4. Analgesic Effects

The amniotic fluid and the placenta may act as morphinic inducers, facilitating analgesia and activating the release of endorphins[37][38] because the placental villi synthesize opioid peptides such as β-endorphin, metencephalin, and dynorphins. Ahmed et al.[39] found that dynorphin 1–8 is the main opioid peptide in placental extracts, associated with a substance also found in the placenta, called the placental opioid enhancing factor (POEF). POEF exerts an important influence in suppressing pain during parturition and triggering maternal behavior, producing changes in the central nervous system’s endogenous opioid activity[32]. This influence is due to increased delta and kappa receptors’ activity and mediators and a decrease in the mu receptors[40][41][42][43](Table 1). It is essential to clarify that POEF is not an analgesic by itself[27]and does not potentiate analgesics such as aspirin[40]or nicotine. It is worth mentioning that the benefit to pregnant female mammals by ingesting amniotic fluid and placenta is that it improves opioid-mediated antinociception in the peripartum[44].

Abbott et al.[45] found that the POEF effect is generalizable to other species since it was observed in rats (Rattus norvegicus) that consume placental material from humans, dolphins, and cattle. It is also suggested that POEF is a product of the gastrointestinal system’s enzymatic or hydrochloric acid action. The rats injected with amniotic fluid subcutaneously and intraperitoneally did not show changes in morphine-mediated analgesia level compared to the rats administered orogastrically. Findings strongly suggest that POEF is a common mammalian substance, which suggests the possibility that all mammalian species, including humans, possess the capacity to respond to POEF. Currently, there are no controlled studies of the effects of POEF through placental consumption in humans[22][26][32].

The time to produce analgesia after ingesting placental material varies within species. In Holstein cows (Bos taurus)[41] and male rats (Rattus norvegicus)[45], analgesia occurs immediately and lasts up to 60 min; while in female rats (Rattus norvegicus), only a 30 min duration of the analgesic effect was registered[46]. Likewise, the dosage in the ingestion of placental material with an analgesic effect differs among mammal species. Kristal et al.[47] suggested that, in rats (Rattus norvegicus), the ideal amount of placental material to ingest was 0.25 mL of amniotic fluid and one placenta (500 mg), which are released at the birth of each pup. In contrast, Corpening[38] found that the effective dose of bovine amniotic fluid in rats (Rattus norvegicus) was 0.5 mL.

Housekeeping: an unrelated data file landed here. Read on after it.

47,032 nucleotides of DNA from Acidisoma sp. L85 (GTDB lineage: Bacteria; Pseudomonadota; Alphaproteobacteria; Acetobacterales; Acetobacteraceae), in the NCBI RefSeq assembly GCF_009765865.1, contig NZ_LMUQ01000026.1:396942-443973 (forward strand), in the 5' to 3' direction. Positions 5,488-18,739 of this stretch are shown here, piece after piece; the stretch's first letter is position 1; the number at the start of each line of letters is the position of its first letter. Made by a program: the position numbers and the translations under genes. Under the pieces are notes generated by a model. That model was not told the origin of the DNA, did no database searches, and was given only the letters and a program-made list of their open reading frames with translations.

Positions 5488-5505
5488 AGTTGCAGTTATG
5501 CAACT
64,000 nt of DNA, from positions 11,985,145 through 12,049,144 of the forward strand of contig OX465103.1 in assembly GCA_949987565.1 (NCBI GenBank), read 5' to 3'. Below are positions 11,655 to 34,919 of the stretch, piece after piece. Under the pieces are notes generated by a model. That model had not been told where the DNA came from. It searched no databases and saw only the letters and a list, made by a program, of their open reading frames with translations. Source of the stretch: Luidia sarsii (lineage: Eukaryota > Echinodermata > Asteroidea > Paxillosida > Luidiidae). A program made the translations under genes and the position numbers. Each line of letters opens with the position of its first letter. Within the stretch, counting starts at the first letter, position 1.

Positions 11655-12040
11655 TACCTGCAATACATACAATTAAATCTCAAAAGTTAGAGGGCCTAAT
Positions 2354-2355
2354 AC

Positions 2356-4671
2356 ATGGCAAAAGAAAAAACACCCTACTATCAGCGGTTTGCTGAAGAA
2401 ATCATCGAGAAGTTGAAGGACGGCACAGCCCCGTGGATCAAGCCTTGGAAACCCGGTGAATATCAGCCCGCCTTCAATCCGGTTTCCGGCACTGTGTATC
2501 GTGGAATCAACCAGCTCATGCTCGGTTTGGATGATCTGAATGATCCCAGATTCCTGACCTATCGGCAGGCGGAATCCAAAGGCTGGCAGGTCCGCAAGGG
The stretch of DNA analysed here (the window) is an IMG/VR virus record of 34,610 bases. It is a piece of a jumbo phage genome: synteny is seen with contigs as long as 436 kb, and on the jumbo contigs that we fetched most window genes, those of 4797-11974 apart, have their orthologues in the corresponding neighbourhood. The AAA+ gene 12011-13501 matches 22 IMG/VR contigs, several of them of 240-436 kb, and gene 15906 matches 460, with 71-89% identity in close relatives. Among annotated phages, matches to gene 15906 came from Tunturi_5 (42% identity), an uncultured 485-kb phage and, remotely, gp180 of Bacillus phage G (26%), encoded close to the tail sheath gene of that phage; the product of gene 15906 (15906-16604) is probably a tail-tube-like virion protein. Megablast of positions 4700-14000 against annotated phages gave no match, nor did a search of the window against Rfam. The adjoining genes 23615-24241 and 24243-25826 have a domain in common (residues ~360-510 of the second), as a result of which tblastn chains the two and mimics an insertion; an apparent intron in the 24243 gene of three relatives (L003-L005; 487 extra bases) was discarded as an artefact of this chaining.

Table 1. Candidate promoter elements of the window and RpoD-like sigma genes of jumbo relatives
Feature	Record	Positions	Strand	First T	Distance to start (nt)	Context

Table 1. Potential advantages of placentophagia in women and nonhuman mammals.




Women and nonhuman mammals




(Placental Opioid Enhancing Factor, POEF).

Amniotic fluid and placenta act as morphinic inducers, facilitating analgesia, and activating the release of endorphins





Postpartum benefits

Additional protein supplement in regions of extreme poverty.

Source of trace elements and essential and non-essential amino acids and B vitamins



Benefits for the newborn

Increases the concentration of lactose and protein in breast milk

Increases the weight gain of the newborn



Benefits for the mother

Improve mood after childbirth, convalescence is faster, and increases the amount of energy

Relief of symptoms of depression and increase milk production


Nonhuman mammals



Increase in milk production

Prolactin level increases, progesterone level decreases, and a possible increase in milk production


Protect from attack by predators

As there are no attractive chemicals, reduce nest contamination


Maternal behavior

It could accelerate the mother–calf bond in some species due to the oxytocin in the amniotic fluid or the placenta (sheep, primates, dog, rabbits, and river buffalo)


5. Nutritional Factors

Women may consume the placenta as an additional protein contribution in poor regions[48]since a single placenta weighing 450 g contains an average of 234 calories, 4 g fat, 899 mg cholesterol, 48 g protein, 513 g of sodium, plus significant amounts of trace elements such as iron, selenium, calcium, copper, magnesium, phosphorous, potassium, and zinc[22]. Placenta also contains essential and non-essential amino acids, such as alanine, aspartic acid, arginine, histidine, leucine, lysine, phenylalanine, proline, tyrosine, tryptophan, and valine, in addition to vitamins B1, B2, B5, B6, B7, B9, and B12[22] (Table 1). Regarding Vitamin A and retinoids, the placental retinyl stores could be considered a local reserve for placental use. Transformation of retinyl esters into active retinol derivatives (RAs) could be a simple way to regulate in situ cellular proliferation and differentiation. This retinoid metabolism has been described in mouse and porcine placenta. Studies suggest that villous mesenchymal fibroblasts are primary sites of retinol esterification and storage in the placenta[61].